Doerte: My name is Doerte, I am a student of British-American culture and literature, including Commonwealth and Post-Colonial studies. I live in Berlin, Germany. I swam as a child but didn't continue. I remember watching the Olympics in 1996 and in 2000. My friend, with whom I created that first fan site, got me really interested in swimming again and I started up going to the pool in my free time. I stayed with the sport and have followed it ever since. Attending meets, like World Championships, European Championships or the World Cup, renews my interest and love for the sport. Seeing a swim meet live, getting to know the atmosphere around a pool is something which lets me stay a fan. Watching them on TV isn't the same but it is close and exciting every time."

Michelle: Michelle, 38, a Graphic Designer who is back in school finishing up an Art degree, and what's not to love about swimming? It's got it all – incredible athleticism and the hottest and nicest athletes of any sport going. Swimmers are just great people.

Sarah: My name is Sarah and I'm a 20 year old college student from Long Island, N.Y. I'm a communications major at Adelphi University, with a concentration in journalism. I started following swimming when I was in middle school. My cousin Christine swam her entire life and made Olympic Trial cuts in 2000 for the 100 fly, so I paid pretty close attention to that meet. She went on to swim for Cal. I watched the Olympics and whatnot that year, but my interest in professional swimming kind of faded. However, I was on the swim team in High School and it has always been a sport pretty close to my heart. The Olympic Trials in 2004 reacquainted me with the sport on the pro level, and I've been hooked ever since.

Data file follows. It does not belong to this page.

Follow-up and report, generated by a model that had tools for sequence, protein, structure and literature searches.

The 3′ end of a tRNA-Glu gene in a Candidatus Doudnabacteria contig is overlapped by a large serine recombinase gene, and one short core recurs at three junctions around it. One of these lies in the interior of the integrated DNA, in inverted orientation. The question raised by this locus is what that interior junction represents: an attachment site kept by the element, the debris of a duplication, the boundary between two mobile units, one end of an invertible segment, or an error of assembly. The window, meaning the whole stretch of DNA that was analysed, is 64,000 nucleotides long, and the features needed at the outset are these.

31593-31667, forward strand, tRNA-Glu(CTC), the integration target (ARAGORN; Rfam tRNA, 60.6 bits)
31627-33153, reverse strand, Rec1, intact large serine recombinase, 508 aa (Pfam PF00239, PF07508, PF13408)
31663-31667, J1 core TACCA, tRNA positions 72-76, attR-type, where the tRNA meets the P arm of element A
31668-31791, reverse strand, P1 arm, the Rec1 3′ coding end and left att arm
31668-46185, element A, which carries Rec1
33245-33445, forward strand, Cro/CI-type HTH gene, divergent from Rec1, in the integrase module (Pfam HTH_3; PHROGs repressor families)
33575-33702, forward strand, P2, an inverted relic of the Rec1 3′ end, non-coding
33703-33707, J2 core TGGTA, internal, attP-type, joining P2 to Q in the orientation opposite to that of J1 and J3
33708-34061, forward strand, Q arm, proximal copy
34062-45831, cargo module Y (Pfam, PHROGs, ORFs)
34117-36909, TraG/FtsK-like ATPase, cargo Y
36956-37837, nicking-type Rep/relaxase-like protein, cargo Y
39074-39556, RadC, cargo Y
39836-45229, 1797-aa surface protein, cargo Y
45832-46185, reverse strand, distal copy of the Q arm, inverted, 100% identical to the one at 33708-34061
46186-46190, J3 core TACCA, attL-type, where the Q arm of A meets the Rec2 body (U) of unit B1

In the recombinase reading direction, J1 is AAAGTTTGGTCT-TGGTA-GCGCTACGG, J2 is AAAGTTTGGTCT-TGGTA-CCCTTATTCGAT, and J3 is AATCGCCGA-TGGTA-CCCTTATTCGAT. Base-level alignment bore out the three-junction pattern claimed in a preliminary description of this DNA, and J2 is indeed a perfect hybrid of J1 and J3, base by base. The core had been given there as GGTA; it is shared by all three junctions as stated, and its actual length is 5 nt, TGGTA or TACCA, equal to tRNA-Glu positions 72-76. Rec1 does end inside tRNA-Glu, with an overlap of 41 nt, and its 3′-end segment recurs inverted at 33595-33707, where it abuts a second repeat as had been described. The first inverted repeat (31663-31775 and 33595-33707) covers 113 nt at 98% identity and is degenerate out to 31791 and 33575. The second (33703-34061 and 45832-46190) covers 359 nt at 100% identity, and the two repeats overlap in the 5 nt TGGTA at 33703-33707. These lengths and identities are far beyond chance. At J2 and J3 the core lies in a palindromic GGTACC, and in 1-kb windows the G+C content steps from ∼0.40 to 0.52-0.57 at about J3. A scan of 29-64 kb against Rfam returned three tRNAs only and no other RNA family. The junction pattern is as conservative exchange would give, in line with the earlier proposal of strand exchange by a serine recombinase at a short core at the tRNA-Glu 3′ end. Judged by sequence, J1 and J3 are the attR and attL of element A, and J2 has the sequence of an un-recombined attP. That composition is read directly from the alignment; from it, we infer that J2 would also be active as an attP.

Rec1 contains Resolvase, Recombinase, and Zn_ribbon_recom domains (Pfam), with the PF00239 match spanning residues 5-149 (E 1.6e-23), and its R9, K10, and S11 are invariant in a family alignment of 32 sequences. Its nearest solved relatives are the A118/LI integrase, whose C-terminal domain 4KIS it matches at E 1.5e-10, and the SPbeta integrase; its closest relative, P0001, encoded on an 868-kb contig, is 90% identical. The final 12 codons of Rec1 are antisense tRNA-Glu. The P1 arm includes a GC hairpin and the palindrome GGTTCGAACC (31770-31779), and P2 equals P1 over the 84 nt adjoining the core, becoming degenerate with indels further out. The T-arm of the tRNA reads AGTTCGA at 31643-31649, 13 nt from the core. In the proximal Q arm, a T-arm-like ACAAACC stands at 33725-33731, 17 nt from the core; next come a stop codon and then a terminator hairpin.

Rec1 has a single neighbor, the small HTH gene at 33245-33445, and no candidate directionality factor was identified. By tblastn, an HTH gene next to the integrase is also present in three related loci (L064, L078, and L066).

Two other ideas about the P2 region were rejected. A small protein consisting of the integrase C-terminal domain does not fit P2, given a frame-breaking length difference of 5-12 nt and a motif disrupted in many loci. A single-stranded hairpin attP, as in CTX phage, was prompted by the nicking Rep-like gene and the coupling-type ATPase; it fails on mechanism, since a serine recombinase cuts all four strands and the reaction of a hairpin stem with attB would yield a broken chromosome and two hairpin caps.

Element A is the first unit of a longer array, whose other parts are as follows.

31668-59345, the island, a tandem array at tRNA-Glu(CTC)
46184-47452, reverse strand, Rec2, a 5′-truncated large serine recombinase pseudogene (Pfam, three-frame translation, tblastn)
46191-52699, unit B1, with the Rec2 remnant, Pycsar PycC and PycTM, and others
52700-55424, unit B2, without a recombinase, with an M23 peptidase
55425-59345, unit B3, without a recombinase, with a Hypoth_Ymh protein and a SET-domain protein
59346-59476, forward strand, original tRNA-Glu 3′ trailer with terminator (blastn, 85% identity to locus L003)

How did you get involved in creating your fan site?
Michelle: I wrote the following a few years back when BHO celebrated its one-year anniversary. It all still applies.